Permanent Legal Immigration to the United States: Policy Overview [October 29, 2014] [open pdf - 417KB]
"In FY2013, just under 1 million aliens became U.S. legal permanent residents (LPRs). Of this total, 65.6% entered the United States on the basis of family ties. Other major categories of LPRs were employment-based (16.3%), refugees and asylees (12.1%), and diversity migrants (4.6%). […] Most agree that revision of the system of permanent legal immigration should be one of the major components of a comprehensive immigration reform (CIR) proposal, along with increased border security and enforcement of immigration laws within the U.S. interior, reform of temporary worker visas, and options to address the millions of unauthorized aliens residing in the country. Congress is considering proposals to alter the legal immigration system--either in the form of CIR or in the form of incremental revisions aimed at strategic changes. Some are advocating for a significant reallocation of the visa categories or a substantial increase in legal immigration to satisfy the desire of U.S. families to reunite with their relatives abroad and to meet the labor force needs of employers hiring foreign workers. Yet, proponents of family-based migration maintain that any proposal to increase immigration should also include the option of additional family-based visas to reduce waiting times--currently up to years or decades--for those already 'in the queue.' Arguing against these competing priorities for increased immigration are those who favor reduced immigration, including proposals to limit family-based LPRs to the immediate relatives of U.S. citizens, to confine employment-based LPRs to highly skilled workers, and to eliminate the diversity visas."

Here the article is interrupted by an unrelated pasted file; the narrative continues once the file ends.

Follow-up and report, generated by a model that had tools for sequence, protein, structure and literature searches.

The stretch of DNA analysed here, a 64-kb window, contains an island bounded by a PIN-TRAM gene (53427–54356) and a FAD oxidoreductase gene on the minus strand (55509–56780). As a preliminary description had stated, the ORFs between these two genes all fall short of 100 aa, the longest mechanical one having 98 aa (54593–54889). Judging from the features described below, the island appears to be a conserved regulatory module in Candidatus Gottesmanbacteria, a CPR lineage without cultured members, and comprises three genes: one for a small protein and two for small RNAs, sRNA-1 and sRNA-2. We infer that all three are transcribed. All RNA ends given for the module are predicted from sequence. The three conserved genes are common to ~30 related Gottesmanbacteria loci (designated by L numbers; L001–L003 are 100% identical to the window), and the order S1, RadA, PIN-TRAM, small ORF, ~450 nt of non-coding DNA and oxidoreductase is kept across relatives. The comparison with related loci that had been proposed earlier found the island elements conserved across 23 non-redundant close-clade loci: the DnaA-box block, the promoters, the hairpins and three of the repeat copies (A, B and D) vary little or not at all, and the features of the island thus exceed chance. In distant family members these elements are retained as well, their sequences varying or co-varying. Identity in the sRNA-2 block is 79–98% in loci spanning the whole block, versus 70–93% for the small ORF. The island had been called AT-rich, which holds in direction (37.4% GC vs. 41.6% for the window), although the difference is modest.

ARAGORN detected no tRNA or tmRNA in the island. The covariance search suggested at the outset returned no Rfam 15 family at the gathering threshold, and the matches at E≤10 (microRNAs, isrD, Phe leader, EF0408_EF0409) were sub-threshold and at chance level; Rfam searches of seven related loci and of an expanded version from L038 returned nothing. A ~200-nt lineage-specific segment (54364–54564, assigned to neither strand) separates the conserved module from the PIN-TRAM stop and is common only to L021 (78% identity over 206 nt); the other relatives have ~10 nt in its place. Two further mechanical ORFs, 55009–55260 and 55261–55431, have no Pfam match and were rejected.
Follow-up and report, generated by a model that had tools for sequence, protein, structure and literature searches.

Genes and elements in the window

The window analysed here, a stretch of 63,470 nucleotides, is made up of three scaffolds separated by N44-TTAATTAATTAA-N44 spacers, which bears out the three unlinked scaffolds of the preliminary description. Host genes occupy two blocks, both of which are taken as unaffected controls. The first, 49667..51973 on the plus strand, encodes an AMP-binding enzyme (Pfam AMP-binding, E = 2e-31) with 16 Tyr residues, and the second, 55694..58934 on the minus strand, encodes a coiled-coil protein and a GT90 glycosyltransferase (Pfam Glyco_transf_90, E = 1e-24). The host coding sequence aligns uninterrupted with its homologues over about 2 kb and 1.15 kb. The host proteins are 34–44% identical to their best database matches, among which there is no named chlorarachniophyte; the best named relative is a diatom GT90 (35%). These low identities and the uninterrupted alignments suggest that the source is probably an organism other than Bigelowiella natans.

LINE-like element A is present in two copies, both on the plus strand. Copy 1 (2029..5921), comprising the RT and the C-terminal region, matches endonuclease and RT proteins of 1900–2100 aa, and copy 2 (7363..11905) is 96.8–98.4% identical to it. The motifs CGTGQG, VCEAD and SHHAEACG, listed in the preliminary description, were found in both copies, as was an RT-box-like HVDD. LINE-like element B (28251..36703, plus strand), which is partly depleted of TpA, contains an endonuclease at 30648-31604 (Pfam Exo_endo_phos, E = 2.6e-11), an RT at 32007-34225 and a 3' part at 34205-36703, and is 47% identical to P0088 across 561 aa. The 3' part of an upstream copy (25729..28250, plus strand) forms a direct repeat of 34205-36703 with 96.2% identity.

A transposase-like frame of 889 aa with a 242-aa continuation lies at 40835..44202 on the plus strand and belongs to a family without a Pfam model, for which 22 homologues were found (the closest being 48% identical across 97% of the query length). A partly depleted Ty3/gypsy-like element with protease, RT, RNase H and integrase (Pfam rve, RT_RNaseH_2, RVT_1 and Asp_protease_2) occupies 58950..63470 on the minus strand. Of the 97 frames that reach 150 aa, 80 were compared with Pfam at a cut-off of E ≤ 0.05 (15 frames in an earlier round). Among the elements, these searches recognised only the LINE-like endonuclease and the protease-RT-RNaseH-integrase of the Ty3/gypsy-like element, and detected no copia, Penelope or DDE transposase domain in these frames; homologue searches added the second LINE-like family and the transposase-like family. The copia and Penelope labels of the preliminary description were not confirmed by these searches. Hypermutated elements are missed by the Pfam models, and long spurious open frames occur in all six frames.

CRS Report for Congress, R42866